CORPUS CHRISTI, Texas — Corpus Christi city officials have repeatedly said they’re trying to correct decades of neglect to the roadways. So, they’re introducing the new, improved Infrastructure Management Plan (IMP) to residents hoping for their feedback. The city has held public hearings in Districts 4 and 5 last week and held their third in District 1 on Monday.
“You’re going to be able to see the difference when you drive around it’s going to be something that’s going to be noticeable,” Ernesto De La Garza said, director of public works.
The city’s current IMP, would take over 60 years to get roads up to standards. It would cost upwards of $900 million, according to De La Garza. It focuses on complete maintenance and doesn't emphasize the absolute worst roads to drive on. The plan calls for complete rehabilitation of certain roadways, sometimes including utilities and curbs.
Under the proposed new plan, De La Garza said it would take 12 years to get caught up. The new plan proposes a full pavement of the roadways with no reconstruction of curbs and doesn't include utility work. De La Garza estimates it will cost around $180 million.
“You eliminate the need for pothole repairs because now we’ve done a full run of resurfacing and repaving base materials. So that, that whole roadway is no longer a 311 call that we’re going to get at the office,”De La Garza said.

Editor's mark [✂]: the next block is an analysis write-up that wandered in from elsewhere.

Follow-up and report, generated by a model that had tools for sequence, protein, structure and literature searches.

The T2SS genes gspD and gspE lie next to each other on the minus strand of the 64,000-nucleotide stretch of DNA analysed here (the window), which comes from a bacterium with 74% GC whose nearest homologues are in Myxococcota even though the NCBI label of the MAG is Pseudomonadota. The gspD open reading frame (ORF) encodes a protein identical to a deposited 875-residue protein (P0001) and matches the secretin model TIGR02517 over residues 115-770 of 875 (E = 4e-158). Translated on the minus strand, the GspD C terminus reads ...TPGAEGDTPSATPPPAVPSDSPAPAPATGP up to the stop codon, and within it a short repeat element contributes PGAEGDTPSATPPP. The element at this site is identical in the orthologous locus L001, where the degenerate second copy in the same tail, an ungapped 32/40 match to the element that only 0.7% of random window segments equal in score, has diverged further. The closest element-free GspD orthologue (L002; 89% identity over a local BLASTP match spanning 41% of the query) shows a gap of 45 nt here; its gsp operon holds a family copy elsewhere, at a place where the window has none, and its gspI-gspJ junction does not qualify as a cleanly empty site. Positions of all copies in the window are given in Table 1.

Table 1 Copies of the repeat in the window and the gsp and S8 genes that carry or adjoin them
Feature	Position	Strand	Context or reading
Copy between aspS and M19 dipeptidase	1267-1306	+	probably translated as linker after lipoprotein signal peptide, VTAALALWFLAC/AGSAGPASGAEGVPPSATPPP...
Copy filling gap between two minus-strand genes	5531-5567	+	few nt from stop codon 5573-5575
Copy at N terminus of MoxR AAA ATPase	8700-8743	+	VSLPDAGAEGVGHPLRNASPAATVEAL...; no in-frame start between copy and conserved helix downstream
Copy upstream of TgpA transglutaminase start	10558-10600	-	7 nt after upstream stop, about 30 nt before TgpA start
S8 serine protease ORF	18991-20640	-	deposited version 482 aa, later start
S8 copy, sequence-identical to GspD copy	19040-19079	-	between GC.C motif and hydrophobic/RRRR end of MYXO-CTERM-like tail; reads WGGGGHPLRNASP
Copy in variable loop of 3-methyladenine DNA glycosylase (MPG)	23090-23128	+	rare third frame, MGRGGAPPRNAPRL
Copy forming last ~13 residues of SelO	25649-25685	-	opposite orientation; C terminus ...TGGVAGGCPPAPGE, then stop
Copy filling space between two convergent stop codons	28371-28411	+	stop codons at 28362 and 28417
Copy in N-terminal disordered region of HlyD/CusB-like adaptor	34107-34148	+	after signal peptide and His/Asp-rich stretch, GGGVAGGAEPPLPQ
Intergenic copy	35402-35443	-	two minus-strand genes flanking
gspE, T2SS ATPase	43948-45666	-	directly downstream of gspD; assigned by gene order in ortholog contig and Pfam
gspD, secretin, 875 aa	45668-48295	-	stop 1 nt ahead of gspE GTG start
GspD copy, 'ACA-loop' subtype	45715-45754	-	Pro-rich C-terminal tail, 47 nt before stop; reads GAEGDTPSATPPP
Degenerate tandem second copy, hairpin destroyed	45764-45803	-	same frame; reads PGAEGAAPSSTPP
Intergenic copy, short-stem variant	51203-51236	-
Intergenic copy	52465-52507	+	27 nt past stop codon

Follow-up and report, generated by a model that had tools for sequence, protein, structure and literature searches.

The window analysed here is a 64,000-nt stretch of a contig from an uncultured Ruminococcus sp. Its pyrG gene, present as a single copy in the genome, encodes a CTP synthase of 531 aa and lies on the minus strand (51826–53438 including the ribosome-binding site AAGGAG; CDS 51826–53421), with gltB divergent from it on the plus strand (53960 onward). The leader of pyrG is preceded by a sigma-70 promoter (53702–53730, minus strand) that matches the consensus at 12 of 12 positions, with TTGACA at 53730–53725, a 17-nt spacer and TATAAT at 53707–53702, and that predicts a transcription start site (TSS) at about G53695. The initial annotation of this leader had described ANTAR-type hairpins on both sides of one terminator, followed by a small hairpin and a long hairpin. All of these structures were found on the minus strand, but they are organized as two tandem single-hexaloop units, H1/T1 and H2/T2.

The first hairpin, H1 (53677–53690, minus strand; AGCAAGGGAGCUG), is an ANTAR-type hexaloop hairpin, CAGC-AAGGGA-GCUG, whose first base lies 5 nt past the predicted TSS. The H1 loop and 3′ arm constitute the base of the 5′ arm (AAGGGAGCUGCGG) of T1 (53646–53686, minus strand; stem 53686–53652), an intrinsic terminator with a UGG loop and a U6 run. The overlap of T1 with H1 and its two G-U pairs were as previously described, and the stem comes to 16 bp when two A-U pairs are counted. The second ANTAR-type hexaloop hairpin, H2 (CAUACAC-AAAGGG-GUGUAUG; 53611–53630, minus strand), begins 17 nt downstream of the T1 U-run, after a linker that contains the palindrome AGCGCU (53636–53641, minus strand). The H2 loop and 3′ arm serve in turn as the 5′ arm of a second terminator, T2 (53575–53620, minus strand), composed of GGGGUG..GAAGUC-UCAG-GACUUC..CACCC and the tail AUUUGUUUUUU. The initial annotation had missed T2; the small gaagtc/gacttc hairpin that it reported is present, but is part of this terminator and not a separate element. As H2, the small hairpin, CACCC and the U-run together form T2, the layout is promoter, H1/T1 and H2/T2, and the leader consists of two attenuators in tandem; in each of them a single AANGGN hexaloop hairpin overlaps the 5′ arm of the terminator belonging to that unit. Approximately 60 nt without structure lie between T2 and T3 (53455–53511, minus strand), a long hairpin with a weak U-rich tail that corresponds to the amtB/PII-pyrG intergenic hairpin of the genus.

Corpus Christi roads have been given a score 0 to100 and the worst roads will move to the front of the line in the new IMP.
While addressing the worst roads first, roads will be tackled in clusters at a time.
“We actually started a pilot program where we did this approach and we finished a cluster of seven, eight streets, it’s around that number. But, we did that whole cluster in a month. And so, what used to take 6 to 11 months, depending on how much utility work we were doing, we're finishing in a very short amount of time," said De La Garza.
There is skepticism over the plan.
“You guys created the plan to begin with, and you didn’t fulfill that plan. And now, you got to change the plan again because, oh wait we didn’t take care of it all these years,” said Rachel Caballero, one of the few residents to attend the third public hearing.
Other residents harped on how long it's taken for the roads that they live on to be addressed, many yet to be addressed.
The city will be holding public hearings for District 2 and 3, the plan will come before city council for approval and work could begin immediately this summer.
The city website shows the current IMP and the plans for reconstruction. You can find that here. If the new plan is adopted, that information will be on the city's website.
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